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Convergence of Information and Informatics
by Theophilus E. Mlaki

In many developing countries the development of libraries, archives and documentation centres has not yet reached a high level of maturity and has not yet permuted in all sectors of society. Yet the concept is now well understood and accepted. If you requested a village in a rural setting or a school to establish a library, it is something well understood and not an alien concept. On the other hand, many new information technologies currently being introduced in developing countries have not yet gained full acceptance in these societies mainly because they are seen as tools of the elite or the rich.

There is also a myth that these tools are too sophisticated considering the level of development of most developing countries. It is a feeling which is not only being expressed by developing countries themselves but also by developed societies. Yet the new information and informatics technologies have great potential in improving the lives of the people of many developing countries. The introduction and advancement of these technologies (internet, virtual laboratories, telecentres, software and hardware development) to all people in these societies in all developmental sectors, if properly carried out, will greatly improve accessibility to information and improve the quality of life. There is therefore a great need of empowering developing countries to these new technologies.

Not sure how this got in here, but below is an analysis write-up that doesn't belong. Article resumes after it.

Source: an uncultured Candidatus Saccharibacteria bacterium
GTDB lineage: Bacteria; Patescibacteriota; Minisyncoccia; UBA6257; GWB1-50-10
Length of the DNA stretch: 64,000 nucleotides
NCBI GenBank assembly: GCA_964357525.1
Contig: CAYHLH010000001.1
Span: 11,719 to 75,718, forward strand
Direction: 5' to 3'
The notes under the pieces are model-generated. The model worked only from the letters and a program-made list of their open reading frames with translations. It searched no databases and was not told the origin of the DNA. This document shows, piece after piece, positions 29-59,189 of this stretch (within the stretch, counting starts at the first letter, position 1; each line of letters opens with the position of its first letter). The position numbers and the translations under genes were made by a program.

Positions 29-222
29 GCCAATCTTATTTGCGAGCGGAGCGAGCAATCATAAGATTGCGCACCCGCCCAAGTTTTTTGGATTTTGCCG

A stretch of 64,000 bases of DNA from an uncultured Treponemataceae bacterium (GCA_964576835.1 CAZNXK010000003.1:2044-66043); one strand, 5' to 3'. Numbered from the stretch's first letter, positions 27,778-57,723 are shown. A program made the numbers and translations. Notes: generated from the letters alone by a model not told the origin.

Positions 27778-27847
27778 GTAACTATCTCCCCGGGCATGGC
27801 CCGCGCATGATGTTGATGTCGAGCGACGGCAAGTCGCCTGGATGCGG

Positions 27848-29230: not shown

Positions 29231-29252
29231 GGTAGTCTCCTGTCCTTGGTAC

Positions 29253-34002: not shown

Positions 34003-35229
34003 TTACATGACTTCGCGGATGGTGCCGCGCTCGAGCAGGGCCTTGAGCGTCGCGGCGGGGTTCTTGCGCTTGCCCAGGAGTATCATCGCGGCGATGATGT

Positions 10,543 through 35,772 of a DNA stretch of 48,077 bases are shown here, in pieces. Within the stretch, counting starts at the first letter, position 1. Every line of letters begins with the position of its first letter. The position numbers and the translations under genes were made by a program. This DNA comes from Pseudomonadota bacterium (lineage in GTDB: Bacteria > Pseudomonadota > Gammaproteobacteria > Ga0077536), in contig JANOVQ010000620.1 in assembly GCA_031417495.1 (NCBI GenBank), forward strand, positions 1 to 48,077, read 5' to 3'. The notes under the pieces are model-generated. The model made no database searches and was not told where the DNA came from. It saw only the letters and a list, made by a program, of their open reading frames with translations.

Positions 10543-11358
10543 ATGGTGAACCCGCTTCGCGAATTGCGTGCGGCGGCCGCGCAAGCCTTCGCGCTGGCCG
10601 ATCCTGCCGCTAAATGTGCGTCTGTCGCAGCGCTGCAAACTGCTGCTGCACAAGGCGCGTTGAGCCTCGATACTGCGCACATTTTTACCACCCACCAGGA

The establishment of a new programme within UNESCO integrating the mandate of the General Information Programme (PGI) and the Intergovernmental Informatics Programme (IIP) is very much welcome. Through this new programme it is possible to draw new concepts which will strengthen traditional information sources and contents and assimilate new technologies and information carriers for the benefit of improving access and free flow of information to all people and all levels of society. While developing this new programme within UNESCO, it is important that the needs of the developing countries are taken into consideration with an understanding that in these societies the level of access to information and use is still very low and that there is great need to balance between traditional information sources (libraries, archives and documentation centres) and new technologies. It is important that new technologies are seen as an extension and tools of information access rather than new medium which have no relation with traditional tools. Additionally, potentials of new technologies in improving organisation and access to information should be clearly displayed so as to improve their acceptability in developing countries.

  Mr Theophilus E. Mlaki is Director of Information and Documentation of the Tanzania Commission for Science and Technology, Dar-es-Salaam. He represented his country during the 12th Session of the PGI Council and the 7th Session of the IIP Committee, held in Paris from 7 to 11 Decmber 1998.

Texts published in 'Points of View' may not reflect UNESCO's position.

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